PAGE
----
Then, in early February 2018, five months after the release of the UCS Falcon, LEGO sent Black Card holders a message titled “<your name>, your first LEGO VIP Black Card offer is here!” The special offer was simply double VIP points on LEGO Star Wars purchases. Like many LEGO Star Wars builders and collectors, I had already purchased all of the LEGO Star Wars sets released in 2018 that I wanted (in my case in particular, to review the sets for TBB), so double VIP points off the usual schedule of (fairly frequent) double VIP point sales didn’t get me to click through to spend more money on sets I didn’t need.
The email also promised “Exclusive contests, Exclusive rewards, Exclusive access” and encouraged recipients to stay tuned for more.
Many LEGO Star Wars fans expected some type of major promotion for May the 4th, but “Star Wars Day” came and went with the only promotion being a free Y-wing blueprint that you had to use a special code for on purchases over $35, with a chance to win 18k white gold R2-D2 minifig.
Both of these promotions were so utterly forgettable that nobody we talked to in our circles of fellow LEGO fans remembered them, invariably calling the Black Card frame promo we reviewed above the “first Black Card promotion in 15 months” (see the comments on Facebook in response to the frame’s announcement for more discussion). This promo was also rolled out inconsistently, with some Black Card holders never receiving the notification email from LEGO. Since that email also included a unique code in order to have the frame added to your shopping cart, this inconsistency forced Black Card holders to contact LEGO Customer Service in order to get their code or have the item added to a qualifying order. This Black Card promo also required a separate Star Wars purchase. Again, many of us already have all the Star Wars sets we want from earlier in the year, and forcing us to make a purchase in order to redeem our promo item resulted in many orders like mine: The cheapest possible item in the Star Wars category, purchased with existing VIP points (I still had to pay shipping).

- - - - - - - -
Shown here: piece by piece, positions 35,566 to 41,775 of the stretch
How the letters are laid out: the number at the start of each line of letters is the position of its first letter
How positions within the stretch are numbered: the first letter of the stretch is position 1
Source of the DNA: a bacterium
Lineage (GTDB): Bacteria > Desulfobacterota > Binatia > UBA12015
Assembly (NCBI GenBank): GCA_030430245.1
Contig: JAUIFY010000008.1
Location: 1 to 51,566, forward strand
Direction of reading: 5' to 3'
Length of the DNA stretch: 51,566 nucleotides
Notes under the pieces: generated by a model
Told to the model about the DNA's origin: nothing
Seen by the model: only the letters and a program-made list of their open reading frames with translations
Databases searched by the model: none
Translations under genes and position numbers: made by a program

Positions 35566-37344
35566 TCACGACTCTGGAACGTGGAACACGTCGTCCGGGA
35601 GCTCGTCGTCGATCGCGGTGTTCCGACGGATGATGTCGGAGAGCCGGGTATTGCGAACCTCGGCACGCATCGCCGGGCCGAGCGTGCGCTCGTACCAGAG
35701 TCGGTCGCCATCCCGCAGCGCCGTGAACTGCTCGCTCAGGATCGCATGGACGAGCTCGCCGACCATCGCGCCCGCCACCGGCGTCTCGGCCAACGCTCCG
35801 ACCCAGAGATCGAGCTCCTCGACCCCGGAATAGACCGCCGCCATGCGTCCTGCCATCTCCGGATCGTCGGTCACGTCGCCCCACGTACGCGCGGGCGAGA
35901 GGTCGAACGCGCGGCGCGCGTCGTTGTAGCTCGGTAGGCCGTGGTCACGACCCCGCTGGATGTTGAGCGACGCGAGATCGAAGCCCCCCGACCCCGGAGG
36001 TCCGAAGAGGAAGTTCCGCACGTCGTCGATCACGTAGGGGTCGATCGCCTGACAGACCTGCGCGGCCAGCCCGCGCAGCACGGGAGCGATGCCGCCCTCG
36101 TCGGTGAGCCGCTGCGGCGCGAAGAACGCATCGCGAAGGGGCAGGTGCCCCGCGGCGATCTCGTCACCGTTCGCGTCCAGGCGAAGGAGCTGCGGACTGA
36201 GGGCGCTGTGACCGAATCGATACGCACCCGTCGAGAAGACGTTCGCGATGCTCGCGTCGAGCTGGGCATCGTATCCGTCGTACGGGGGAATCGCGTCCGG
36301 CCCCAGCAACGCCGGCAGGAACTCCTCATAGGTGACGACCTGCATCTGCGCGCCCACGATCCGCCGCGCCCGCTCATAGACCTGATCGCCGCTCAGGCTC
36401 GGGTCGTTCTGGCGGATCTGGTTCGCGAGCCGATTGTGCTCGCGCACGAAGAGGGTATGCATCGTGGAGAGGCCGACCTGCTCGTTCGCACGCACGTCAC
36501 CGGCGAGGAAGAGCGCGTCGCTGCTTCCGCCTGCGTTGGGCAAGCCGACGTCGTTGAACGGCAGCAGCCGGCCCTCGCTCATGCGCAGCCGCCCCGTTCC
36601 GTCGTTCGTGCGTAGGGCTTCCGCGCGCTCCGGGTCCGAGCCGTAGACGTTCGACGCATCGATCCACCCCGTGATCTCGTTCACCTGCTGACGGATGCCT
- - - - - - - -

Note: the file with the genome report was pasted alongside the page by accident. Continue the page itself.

So, let’s summarize what LEGO has delivered in the past 15 months to VIP Program members who purchased the UCS Millennium Falcon:
- Unique Black Card (generally delivered several months after purchase of Falcon in 2017)
- Double VIP points on Star Wars purchases (once, in February 2018)
- Y-wing blueprint with $35 Star Wars purchase (on May the 4th 2018)
- Black Card frame with Star Wars purchase (in December 2018)
Overall, then, the promotions that LEGO promised in the months following the UCS Falcon’s release — “Exclusive contests, Exclusive rewards, Exclusive access” — have arguably not come to pass. We can’t emphasize enough that LEGO was under no obligation to make any promises to begin with, but one tangible reward in the 15 months after the Falcon’s release feels like an utter failure to execute on unasked-for promises. In other words, LEGO set high expectations and failed to deliver much of anything at all.
One of our readers responding to the extremely brief LEGO Star Wars box promotion noted correctly that, if LEGO had wanted to unload a backlog of minifigures in polybags (several of which were only available as part of previous LEGO Star Wars promotions and are thus indeed “rare” as I described them earlier this week), they could certainly have sent Black Card holders a box without forcing yet another purchase. There is certainly an element of privilege in being able to afford the UCS Millennium Falcon to begin with (as we noted in our original review). It’s a prestige set, and it seems like LEGO intended the Black Card program to reinforce the elite nature of their most loyal customers who’d purchased the Falcon. But by forcing a new purchase to get each tiny little (forgettable) promotion, the whole enterprise feels much more like a cash grab than a reward.
Over the past 15 months leading up to the most recent Black Card promotion, the entire program has been disappointing. We can only hope that LEGO will learn from this process and improve on the delivery of promises that they make (or simply not make unnecessary promises) for future programs like this one.